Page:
Several major airlines said on Wednesday that they are re-routing flights to avoid airspace over Iraq and Iran after the Federal Aviation Administration banned US carriers from the area following an Iranian missile attack on US-led forces in Iraq.
Tehran fired more than a dozen ballistic missiles from Iranian territory against at least two Iraqi military bases hosting US-led coalition personnel, the US military said on Tuesday.
The FAA said it issued the airspace ban, which also includes the Gulf of Oman and the waters between Iran and Saudi Arabia, “due to heightened military activities and increased political tensions in the Middle East, which present an inadvertent risk to U.S. civil aviation operations.”
Several non-US airlines had flights over parts of Iraq and Iran at the time, according to FlightRadar24 data. They are not directly affected by the FAA ban, but foreign carriers and their national regulators typically consider US advice carefully when deciding where to fly.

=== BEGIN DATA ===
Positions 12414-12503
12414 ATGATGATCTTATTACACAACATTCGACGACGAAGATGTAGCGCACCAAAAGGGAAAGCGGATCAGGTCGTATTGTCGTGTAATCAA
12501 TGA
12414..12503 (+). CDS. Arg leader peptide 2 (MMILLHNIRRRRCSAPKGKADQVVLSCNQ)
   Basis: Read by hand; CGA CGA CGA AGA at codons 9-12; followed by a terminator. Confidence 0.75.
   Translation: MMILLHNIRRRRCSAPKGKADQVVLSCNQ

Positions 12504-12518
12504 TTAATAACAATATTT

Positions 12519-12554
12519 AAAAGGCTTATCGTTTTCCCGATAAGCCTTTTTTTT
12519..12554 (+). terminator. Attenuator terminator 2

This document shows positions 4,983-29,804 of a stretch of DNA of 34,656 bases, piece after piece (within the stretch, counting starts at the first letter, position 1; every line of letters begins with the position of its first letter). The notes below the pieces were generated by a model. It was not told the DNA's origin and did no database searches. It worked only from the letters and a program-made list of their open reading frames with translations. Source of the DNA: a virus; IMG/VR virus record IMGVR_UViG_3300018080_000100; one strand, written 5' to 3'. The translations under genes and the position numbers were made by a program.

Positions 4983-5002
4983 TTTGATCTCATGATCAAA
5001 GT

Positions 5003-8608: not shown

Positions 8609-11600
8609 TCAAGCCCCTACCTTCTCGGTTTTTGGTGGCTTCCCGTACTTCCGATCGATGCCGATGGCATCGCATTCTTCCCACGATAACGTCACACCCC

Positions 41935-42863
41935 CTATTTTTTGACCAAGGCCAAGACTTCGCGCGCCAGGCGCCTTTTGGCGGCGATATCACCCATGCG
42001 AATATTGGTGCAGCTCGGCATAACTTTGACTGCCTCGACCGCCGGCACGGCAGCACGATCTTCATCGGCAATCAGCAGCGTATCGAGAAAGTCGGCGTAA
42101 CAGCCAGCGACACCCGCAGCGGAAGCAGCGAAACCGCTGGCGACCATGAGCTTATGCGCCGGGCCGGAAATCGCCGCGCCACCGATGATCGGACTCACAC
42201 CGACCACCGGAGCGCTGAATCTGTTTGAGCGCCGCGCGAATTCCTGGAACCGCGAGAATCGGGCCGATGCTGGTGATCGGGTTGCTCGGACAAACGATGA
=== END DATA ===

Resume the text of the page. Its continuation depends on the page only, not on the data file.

Before the latest guidance, the FAA had already prohibited US carriers from flying below 26,000 feet over Iraq and from flying over an area of Iranian airspace above the Gulf and Gulf of Oman since Iran shot down a high-altitude US drone last June.
Carriers are increasingly taking steps to limit threats to their planes after Malaysia Airlines Flight MH17 was shot down in 2014 by a missile over Ukraine, killing all 298 people on board.
Re-routing around conflict airspace adds to flight times and burns extra fuel. Reuters
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